HITFIX: As songwriters, that must be gratifying to know the riff just needed to find the right home, it wasn’t a lost child,
PERRY: Well, they never are...It’s like every riff has its day and with this record we’ve had a chance to bring a lot of these things up to light.
HITFIX: A younger crowd has learned about Aerosmith through Steven’s role on “American Idol.” Will that help bring a new audience to this album?
PERRY: Listen, just doing what we do, we put it together one day at a time. We’re a band and a band is a bunch of guys who make music from day to day. We’re not the kind of band that doesn’t talk to each other for five years and then gets together for a tour and goes out and plays all their old songs and we’re basically we’re a cover band for our own music. We look at ourselves as a live, vital band that’s always evolving. It’s just a matter of doing it from day to day.
Here we are, we’re getting ready to go out and put out another record. We hope it’s better than the last one. It’s not as good as the next one and we’re going to get out there and play the best we can. We know what’s going to happen is we’re going to see a batch of new people. There are certainly people who have followed Steven on “American Idol” and have never seen the band live, so, yeah, it’s always exciting. Back when we did “Armageddon,” there were a lot of people who came to see us play live who had never seen us before.
HITFIX: Here you are more than 40 years in to your career and you’re saying this album is “not as good as the next one,” meaning there’s no resting on your laurels. You stay hungry.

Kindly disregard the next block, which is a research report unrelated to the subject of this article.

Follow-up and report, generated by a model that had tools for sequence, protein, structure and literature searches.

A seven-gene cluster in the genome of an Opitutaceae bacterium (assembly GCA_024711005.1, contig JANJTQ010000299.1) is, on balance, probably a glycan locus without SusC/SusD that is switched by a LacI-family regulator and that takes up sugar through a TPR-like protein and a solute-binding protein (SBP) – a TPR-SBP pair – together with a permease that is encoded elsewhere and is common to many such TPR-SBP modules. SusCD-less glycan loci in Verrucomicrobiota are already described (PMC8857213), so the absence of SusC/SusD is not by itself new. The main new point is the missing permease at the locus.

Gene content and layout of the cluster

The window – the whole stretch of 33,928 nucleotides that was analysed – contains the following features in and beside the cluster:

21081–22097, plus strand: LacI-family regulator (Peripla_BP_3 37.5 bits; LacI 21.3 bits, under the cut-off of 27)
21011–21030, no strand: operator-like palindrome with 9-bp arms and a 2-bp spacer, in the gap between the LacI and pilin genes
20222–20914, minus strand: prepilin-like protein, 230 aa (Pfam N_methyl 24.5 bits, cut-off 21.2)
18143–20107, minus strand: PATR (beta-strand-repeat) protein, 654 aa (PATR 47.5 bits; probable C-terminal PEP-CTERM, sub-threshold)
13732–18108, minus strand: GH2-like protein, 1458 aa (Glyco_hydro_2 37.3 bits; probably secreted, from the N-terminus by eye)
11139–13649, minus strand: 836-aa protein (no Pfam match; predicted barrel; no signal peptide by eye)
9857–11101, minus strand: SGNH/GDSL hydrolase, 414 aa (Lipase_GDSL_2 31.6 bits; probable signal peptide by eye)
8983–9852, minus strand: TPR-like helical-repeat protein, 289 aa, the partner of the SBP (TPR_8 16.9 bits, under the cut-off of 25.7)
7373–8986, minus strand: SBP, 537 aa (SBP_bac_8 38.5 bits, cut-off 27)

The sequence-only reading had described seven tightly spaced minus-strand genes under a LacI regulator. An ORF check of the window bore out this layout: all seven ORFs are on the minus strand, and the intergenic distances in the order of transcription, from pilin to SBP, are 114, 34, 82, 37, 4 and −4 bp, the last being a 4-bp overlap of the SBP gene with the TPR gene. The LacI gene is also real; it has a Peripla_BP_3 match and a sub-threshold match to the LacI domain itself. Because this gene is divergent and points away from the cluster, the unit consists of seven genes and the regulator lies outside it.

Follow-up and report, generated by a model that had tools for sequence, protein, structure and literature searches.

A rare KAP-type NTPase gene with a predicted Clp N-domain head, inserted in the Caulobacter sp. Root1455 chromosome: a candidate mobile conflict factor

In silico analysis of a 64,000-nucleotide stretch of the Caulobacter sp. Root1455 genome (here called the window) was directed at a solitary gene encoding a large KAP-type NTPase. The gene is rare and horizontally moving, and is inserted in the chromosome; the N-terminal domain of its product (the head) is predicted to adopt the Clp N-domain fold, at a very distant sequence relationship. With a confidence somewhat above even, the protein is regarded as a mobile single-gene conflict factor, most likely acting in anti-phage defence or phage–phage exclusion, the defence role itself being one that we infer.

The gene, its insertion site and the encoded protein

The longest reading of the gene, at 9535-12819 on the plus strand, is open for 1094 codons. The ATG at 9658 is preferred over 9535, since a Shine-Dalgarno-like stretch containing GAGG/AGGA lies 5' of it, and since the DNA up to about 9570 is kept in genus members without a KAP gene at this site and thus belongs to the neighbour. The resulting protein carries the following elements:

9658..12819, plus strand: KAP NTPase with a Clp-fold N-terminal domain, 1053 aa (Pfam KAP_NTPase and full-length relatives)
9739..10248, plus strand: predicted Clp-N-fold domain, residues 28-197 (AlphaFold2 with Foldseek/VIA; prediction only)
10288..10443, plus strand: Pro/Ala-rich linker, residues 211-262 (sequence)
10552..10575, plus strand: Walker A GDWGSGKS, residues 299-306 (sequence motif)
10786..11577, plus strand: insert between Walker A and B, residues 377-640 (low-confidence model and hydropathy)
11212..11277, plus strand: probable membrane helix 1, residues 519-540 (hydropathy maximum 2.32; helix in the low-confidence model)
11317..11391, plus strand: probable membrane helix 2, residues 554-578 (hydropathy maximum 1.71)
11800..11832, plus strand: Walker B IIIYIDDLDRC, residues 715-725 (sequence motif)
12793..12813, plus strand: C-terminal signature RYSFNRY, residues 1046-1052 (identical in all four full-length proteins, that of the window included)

TYLER: Every time we [get together], we cause a 9.5 on the Richter and that’s the good news....One of the things that amazed me after the ‘70s, was the longer we stayed together, every time we wrote an album and went out on tour, the front row was always filled with really young kids, even way back when. It’s not that ‘Idol’ hasn’t helped that—of course it has—but it’s always been. It never did gravitate to what AC/DC has: an audience full of guys. It’s always been beautiful women and young kids and it’s because of the music. The music speaks to our feelings, which is sexy and rocks and it’s young and virile and it’s always got a life of its own. When we get together in the band, the music and energy outweighs anything we brought to it. It becomes so much more. We take one breath and the damn thing starts dancing around the room. We’ve been really lucky in our life.
HITFIX: Speaking of, when you’re on stage, despite all the past history, do you ever look at each other and think, we’re the luckiest guys ever to still be here, especially given how many artists we’ve seen pass recently?
TYLER: We used to say that in the ‘70s (laughs). The war zones that we lived through— be it managers, accountants, lawyers, whatever we had to trudge through to get on stage— was unreal. The fact that we were standing back then was astounding.
PERRY: You know, we can’t really dwell on that kind of stuff too long. A lot of this stuff is beyond our control. All we do is take it day to day and make it the best we can.